“I do not pray for these alone, but also for those who will believe in Me through their word;  21 that they all may be one, as You, Father, are in Me, and I in You; that they also may be one in Us, that the world may believe that You sent Me.  22 And the glory which You gave Me I have given them, that they may be one just as We are one. (John 17:20-22)

Which, by the way, is one reason why the body of Christ is so divided today. If we think like religious orphans, we will never be one in the Father and Jesus.

After all, orphans don’t belong, they don’t trust, they are loners. They don’t know intimacy in relationships, they operated out of fear instead of unconditional love.

So, the world rarely ever sees the Christians that Jesus was praying for in John 17. They see various versions of religious orphans trying to be Christians.

Beloved, can I say it again. We are not orphans. We were given the promise of the Father when we received the Holy Spirit. Christian maturity means growing up into Christ (Eph.4:15), which means, growing up into a son like Jesus was a son. It means when people see us they should see the Father.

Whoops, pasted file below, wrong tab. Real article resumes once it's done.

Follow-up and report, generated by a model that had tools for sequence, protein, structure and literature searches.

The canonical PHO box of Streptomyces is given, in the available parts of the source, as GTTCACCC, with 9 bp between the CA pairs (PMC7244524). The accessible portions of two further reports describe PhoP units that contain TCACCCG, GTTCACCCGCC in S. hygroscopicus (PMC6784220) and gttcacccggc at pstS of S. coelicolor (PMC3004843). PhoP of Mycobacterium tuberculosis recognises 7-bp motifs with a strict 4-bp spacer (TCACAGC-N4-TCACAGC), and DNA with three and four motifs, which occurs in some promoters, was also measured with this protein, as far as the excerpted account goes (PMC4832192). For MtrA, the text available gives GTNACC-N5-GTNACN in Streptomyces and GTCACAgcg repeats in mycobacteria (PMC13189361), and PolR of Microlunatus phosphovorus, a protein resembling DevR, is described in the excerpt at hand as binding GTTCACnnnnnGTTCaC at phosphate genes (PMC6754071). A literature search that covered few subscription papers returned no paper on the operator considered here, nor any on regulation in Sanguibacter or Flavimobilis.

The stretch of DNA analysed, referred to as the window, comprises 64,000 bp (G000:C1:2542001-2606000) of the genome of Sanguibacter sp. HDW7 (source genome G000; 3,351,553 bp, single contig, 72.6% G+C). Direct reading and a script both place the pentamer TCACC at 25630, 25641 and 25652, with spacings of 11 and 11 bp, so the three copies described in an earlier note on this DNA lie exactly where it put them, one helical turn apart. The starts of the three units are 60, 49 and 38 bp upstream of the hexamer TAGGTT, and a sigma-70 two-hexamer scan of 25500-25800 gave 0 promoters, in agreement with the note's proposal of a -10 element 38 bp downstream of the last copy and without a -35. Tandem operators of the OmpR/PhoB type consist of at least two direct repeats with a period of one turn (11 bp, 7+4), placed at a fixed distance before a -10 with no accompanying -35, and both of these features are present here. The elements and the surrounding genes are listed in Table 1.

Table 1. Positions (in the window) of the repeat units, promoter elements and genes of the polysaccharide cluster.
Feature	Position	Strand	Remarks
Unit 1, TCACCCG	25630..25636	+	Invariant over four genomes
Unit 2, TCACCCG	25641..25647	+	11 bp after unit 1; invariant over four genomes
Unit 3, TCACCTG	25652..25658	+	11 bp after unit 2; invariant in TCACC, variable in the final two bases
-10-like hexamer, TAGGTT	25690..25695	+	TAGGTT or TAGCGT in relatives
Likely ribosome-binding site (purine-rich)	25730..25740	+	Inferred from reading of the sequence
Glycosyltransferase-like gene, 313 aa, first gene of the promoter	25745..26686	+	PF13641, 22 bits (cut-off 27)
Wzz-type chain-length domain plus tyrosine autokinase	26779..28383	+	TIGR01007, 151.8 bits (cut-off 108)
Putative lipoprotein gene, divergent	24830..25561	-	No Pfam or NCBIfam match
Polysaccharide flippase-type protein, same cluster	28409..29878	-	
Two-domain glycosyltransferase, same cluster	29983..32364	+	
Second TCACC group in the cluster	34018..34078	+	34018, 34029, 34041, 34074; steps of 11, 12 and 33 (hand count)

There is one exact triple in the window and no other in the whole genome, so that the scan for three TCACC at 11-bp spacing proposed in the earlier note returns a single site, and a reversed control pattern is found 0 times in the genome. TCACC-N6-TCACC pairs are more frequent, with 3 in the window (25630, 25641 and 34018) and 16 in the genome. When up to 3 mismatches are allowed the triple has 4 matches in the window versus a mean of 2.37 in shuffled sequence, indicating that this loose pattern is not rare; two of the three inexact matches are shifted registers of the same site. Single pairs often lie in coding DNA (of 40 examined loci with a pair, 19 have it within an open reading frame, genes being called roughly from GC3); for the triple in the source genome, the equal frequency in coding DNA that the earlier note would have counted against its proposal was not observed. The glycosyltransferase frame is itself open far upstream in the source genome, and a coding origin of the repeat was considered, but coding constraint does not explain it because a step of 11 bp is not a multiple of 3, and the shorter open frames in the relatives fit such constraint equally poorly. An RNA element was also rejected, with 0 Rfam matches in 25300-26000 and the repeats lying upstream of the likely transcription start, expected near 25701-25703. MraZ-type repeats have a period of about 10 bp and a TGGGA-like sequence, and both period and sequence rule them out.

And maybe when the world sees the Father in us the same way they saw Him in Jesus they would believe that He send Him? Just saying…

About Mel Wild

God's favorite (and so are you), a son and a father, happily married to the same beautiful woman for 41 years. We have three incredible adult children. My passion is pursuing the Father's heart in Christ and giving it away to others. My favorite pastime is being iconoclastic and trailblazing the depths of God's grace. I'm also senior pastor of Cornerstone Church in Wisconsin.
This entry was posted in Father Heart of God, Identity, John 14-17, Sonship and tagged , , , , , , , , , , . Bookmark the permalink.

16 Responses to The promise of the Father

  1. Brilliant. Just shared this on Twitter.

  2. sealeychars says:

    Absolutely love this post! Thanks you so much. My favourite. If you see me you see the Father. I love your take on Sonship. We need to understand that as sons we are under His grace, no longer slaves and working for His approval. I watch my 7 year old son, he knows His entitlement no matter what he’s done and I take that pattern off of him toward God my Father. Bless you. I look forward to looking through your site more when I have more time. Thanks again.

    • melwild says:

      Thanks. Your comments are much appreciated. Yes, your seven-year old son would be a good example to help us begin to understand the nature of our relationship with our heavenly Father.

  3. Kathleen says:

    This is so good. “True Christianity is about sonship. Religion is about being an orphan. A religious orphan is someone who does not have the Spirit of adoption as a son (Rom.8:15).” This statement is truth that will help me in communicating my faith with unbelievers. No one truly wants religion. Everyone wants relationship, to belong, to have a future- He wired us that way. Thank you for putting it so clearly. Thoroughly enjoyed the read 🙂